Ever since I began to consider the matter seriously; I have found the ways that sin and forgiveness are discussed to be incoherent. They just don't seem to add up, or hold together.
What I think I was sensing, was a clash between the temporary and the eternal, the individual and the social -- resulting from changes in human consciousness and the concept of 'Christianity' since the time of Jesus.
I think it likely that, when Christianity was developed as an institutional, then a state, religion; it became bound-up with the prescription and enforcement of good, pro-social, 'Christian behaviour' - and this became regarded as the pre-requisite to salvation.
So we get the idea of 'sin' as transgression of laws, and 'forgiveness' as some mixture of punishments, penances, and wiping the slate clean of past transgressions. In practice, 'sin' was externally, socially, defined.
Thus laws and other rules of conduct were societally developed, validated and imposed; the individual was the sinner (law-breaker); and some representative of society decided what ought to be done about it.
This pragmatic system relating to social behaviour (primarily) was then harnessed to the 'cosmic' aspects of Christianity; i.e. the fact of Jesus Christ having change created reality - made possible a new Heaven of eternal resurrected life etc.
This was the - to me - peculiar picture from Christianity; of a reality made up of moral laws/ legal codes and the system for developing and enforcing them; which was strangely linked with a narrative of the history of everything.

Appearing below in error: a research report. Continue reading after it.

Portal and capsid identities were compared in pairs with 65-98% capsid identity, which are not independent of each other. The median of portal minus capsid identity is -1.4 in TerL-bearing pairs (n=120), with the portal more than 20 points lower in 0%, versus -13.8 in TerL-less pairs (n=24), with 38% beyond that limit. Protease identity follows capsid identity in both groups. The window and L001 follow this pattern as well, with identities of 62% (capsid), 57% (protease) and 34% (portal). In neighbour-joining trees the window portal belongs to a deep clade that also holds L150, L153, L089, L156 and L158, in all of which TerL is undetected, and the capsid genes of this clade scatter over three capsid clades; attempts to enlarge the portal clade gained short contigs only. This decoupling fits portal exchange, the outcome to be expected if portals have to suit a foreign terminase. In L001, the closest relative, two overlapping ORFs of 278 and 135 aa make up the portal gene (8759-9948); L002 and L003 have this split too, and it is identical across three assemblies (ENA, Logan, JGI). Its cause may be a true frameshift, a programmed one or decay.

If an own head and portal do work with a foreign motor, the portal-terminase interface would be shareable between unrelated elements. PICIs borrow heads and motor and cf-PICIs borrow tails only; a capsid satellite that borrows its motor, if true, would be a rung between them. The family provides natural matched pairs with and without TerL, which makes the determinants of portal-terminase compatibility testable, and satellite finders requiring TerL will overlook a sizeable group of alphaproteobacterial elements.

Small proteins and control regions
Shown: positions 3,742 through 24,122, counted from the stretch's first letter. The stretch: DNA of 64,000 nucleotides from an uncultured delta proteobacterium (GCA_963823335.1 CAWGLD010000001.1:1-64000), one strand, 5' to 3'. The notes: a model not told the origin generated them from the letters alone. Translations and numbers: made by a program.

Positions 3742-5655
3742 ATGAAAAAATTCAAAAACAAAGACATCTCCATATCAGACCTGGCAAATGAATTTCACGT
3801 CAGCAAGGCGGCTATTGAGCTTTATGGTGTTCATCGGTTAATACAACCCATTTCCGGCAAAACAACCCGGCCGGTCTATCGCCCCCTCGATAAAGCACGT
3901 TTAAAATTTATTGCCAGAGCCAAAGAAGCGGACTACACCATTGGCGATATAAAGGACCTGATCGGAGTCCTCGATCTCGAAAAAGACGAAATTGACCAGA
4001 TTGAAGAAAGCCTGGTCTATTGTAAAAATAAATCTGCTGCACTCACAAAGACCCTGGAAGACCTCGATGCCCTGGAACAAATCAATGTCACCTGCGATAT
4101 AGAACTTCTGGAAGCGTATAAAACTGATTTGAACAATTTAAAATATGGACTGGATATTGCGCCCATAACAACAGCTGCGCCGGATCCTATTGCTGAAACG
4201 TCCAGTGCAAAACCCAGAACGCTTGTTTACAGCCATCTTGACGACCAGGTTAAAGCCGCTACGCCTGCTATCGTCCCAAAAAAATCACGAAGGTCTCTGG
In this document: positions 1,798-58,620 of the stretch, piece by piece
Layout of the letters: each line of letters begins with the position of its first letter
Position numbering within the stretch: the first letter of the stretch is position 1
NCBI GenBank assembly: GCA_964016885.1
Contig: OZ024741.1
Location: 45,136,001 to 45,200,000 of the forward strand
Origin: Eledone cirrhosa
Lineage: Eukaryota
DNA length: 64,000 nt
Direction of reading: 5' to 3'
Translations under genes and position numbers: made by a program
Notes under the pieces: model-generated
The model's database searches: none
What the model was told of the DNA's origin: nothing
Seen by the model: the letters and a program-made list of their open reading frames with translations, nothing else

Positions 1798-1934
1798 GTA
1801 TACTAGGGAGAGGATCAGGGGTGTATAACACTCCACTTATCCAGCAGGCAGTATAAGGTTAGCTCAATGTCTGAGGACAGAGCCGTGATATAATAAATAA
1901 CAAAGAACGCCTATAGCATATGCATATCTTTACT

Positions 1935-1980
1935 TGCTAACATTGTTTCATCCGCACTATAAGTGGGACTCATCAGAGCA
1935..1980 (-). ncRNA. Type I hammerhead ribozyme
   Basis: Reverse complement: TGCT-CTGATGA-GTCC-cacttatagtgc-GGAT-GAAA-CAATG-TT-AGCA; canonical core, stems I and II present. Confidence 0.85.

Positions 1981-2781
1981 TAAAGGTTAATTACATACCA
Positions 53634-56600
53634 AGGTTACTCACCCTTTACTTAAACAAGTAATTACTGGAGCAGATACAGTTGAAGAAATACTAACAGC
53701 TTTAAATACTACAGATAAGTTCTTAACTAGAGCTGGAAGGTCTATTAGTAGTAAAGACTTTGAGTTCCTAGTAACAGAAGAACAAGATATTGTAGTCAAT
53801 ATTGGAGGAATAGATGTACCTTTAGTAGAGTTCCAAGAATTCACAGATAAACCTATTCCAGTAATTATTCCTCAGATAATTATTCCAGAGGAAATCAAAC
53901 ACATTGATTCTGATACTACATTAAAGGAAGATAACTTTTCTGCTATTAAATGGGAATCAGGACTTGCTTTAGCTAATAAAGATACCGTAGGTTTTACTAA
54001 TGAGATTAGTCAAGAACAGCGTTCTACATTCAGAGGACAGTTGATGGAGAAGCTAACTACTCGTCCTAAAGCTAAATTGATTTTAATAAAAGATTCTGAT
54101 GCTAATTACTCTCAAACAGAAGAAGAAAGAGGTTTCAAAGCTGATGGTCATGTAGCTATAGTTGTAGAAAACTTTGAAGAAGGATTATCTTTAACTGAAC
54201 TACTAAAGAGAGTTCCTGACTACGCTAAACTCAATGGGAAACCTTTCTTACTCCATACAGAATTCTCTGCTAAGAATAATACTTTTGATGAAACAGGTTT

It seemed hard to grasp how - in creating - God had built-in objective morality of this social kind... I just couldn't picture how this might work.
When I spent a year or so, reading and re-reading the Fourth Gospel ("John") - I gradually became aware of a very different way in which sin was being conceptualized.
The IV Gospel (overall) saw sin as ultimately death; and milder sins as including sickness and others kinds of dysfunction, corruption (away from proper purpose and function), wrong attitudes towards God, expounding of false realities, and so forth.
I gathered that Jesus's work in taking-away sin, was to take-away death; in other words to offer Men the possibility of resurrection into life everlasting.
Miracles of healing were perhaps Jesus taking-away lesser 'sins' of disease and disability.
'Forgiveness' is not mentioned as such in the Fourth Gospel; but in some parables and miracles, Jesus seems to be declaring something about a change of mind or heart, or a reorientation, on the part of the one who is healed - this (here-and-now) commitment to Jesus is the 'faith' that has made the miracle possible.
But this is not necessarily an eternal transformation of behaviour. I don't think we are meant to assume that one who has had faith, and received a miracle, would 'never sin again' in the sense of never again breaking any of the Laws of morality.
The transformation of those who encountered Jesus was not a permanent change of their behaviour; but a here-and-now change of heart, of desire, of attitude.